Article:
At least 94 mentally ill patients died after South African authorities moved them last year from hospital to unlicensed health facilities that were compared to "concentration camps", a government investigation revealed Wednesday.
Many of the deaths were due to pneumonia, dehydration and diarrhoea, as the patients were hurriedly shifted to 27 "poorly-prepared" facilities in an apparent cost-cutting measure that showed evidence of neglect.
The health ombudsman report, which sparked uproar in South Africa, detailed how some patients were collected from the Life Esidimeni hospital in the northern Gauteng province using open pick-up trucks.
Patients were then selected in a process like an "auction cattle market", before being taken away and then often shuttled between several of the new care centres.
As the scandal broke, provincial health minister Qedani Mahlangu resigned over the findings, which directly implicated her in the move.
According to the report, relatives were left in the dark over where the patients were – or even if they had died in the overcrowded, unheated centres that some witnesses said were like "concentration camps".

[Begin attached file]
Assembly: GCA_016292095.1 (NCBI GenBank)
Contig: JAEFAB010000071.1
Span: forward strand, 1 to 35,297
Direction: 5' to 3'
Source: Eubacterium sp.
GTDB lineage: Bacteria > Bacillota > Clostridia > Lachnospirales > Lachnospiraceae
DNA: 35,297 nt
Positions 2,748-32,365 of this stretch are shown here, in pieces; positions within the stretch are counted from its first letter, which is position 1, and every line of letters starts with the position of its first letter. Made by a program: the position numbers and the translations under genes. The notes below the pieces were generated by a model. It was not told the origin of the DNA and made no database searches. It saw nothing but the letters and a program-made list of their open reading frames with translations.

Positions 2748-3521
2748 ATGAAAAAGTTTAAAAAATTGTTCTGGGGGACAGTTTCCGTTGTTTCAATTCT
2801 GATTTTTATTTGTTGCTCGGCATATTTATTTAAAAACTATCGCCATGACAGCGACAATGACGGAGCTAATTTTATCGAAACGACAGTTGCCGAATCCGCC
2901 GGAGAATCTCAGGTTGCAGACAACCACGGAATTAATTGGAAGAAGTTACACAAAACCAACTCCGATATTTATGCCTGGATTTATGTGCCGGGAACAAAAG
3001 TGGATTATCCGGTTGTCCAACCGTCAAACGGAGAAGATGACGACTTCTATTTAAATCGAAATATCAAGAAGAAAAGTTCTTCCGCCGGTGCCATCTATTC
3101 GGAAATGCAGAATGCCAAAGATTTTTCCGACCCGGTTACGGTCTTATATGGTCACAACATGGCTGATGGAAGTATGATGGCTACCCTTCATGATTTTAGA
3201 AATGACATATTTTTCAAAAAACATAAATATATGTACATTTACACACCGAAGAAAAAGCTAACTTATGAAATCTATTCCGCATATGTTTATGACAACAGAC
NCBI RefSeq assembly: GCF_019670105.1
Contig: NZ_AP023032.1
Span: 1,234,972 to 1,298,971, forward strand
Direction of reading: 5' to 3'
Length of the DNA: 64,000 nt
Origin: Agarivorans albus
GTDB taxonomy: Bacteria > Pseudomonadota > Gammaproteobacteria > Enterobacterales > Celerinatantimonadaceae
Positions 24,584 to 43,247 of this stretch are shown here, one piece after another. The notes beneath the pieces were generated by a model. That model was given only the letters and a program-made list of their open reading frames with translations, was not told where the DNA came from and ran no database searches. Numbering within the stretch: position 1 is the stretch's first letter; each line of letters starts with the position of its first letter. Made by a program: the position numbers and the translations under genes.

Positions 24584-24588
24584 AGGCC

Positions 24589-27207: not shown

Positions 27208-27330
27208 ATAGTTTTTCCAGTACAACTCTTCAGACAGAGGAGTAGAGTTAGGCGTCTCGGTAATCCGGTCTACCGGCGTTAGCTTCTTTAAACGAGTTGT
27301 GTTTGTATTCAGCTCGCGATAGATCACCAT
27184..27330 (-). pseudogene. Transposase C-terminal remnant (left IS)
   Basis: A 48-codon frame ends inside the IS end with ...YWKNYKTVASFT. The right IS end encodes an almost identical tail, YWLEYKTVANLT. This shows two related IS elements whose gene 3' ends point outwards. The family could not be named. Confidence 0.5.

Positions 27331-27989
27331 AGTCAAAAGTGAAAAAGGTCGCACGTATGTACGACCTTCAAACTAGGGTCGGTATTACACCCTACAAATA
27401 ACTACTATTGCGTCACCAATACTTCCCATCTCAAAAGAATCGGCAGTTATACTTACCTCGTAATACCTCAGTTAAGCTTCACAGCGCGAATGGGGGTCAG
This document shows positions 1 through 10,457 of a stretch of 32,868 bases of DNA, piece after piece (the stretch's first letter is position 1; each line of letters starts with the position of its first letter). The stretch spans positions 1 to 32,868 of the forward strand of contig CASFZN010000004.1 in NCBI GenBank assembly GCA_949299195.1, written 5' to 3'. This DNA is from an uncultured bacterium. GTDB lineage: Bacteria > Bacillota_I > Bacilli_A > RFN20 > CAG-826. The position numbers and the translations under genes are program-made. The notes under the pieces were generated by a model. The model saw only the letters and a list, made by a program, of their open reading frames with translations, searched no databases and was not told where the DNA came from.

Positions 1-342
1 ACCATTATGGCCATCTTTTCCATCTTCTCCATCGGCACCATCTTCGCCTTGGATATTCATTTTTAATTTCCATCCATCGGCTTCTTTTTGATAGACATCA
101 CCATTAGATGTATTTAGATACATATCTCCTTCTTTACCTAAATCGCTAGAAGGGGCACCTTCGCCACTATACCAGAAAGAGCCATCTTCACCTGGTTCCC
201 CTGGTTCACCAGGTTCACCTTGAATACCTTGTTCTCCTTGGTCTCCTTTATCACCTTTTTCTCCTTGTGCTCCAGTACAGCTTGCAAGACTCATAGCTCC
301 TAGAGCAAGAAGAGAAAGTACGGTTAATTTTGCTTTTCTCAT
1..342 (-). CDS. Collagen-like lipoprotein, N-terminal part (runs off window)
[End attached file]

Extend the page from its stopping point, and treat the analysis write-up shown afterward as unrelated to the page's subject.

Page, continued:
The centres also failed to provide seriously ill patients with enough food and water, leaving them severely malnourished, underweight and in some cases dying from dehydration.
Gauteng's provincial health department had terminated its long-standing contract with the Life Esidimeni hospital and moved more than 1 300 patients to an "unstructured, unpredictable, sub-standard caring environment", the report said. "One person has died from a mental health-related illness. None of the 93 (others) have died from a mental illness," health ombudsman Malegapuru Makgoba told local media as the report was released.
"The Gauteng Health Department took patients from a licensed institution and handed them over to unlicensed facilities," he added.
Makgoba said the death toll was likely to rise as investigations continued into the fiasco.
The report pointed towards the neglect that led to the deaths being caused by profit-seeking.
The 27 health care centres "were mysteriously and poorly selected" and were "unable to distinguish between the highly specialised non-stop professional care requirements… and a business opportunity," it said.
Gauteng Premier David Makhura vowed to hold accountable all the responsible officials.
The opposition Democratic Alliance party expressed outrage over the findings, and accused the government of lying about the death toll when reports of the tragedy began to emerge. "Criminal charges should also be laid against all implicated parties," said the party's provincial shadow health minister.